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Metaphors as global markers for teachers' beliefs about the nature of science

Milne, C. and Taylor, P.C. (1995) Metaphors as global markers for teachers' beliefs about the nature of science. Research in Science Education, 25 (1). pp. 39-49.

Link to Published Version: https://doi.org/10.1007/BF02356459
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Abstract

In this paper, we report an analysis of metaphors used by three science teachers in their classroom discourse and consider the implications of this research for the image of science that students are likely to construct. Teacher beliefs about the nature of science are implicit and entrenched and may be contrary to both contemporary philosophies of science and constructivist theory. We argue that the presence of metaphors such ateaching as a journey, knowledge as object andteacher as pathfinder in teachers' classroom discourse signify the implicit existence of a powerful objectivist epistemology that governs teachers' pedagogies. If students are to construct contemporary views of the nature of science and if constuctivist pedagogy is to develop in the science classroom then science teachers need to reflect on their use of these role-determining objectivist metaphors.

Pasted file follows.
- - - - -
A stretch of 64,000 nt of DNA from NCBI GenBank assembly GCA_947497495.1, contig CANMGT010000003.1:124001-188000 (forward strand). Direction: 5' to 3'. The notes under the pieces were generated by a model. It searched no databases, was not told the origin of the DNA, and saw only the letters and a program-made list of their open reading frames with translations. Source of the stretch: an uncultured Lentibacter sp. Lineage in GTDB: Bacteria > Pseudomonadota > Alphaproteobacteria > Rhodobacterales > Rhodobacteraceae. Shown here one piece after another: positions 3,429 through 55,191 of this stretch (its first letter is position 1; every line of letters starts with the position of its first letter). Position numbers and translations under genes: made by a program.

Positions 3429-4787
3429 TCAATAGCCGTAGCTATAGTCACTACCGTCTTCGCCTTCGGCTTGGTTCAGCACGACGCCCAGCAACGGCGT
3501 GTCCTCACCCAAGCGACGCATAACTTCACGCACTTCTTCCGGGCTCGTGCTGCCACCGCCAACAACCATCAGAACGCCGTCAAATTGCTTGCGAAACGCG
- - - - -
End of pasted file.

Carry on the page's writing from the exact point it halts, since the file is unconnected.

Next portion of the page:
Publication Type: Journal Article
Publisher: Springer
Copyright: © 1995 Australasian Science Education Research Association
URI: http://researchrepository.murdoch.edu.au/id/eprint/36863
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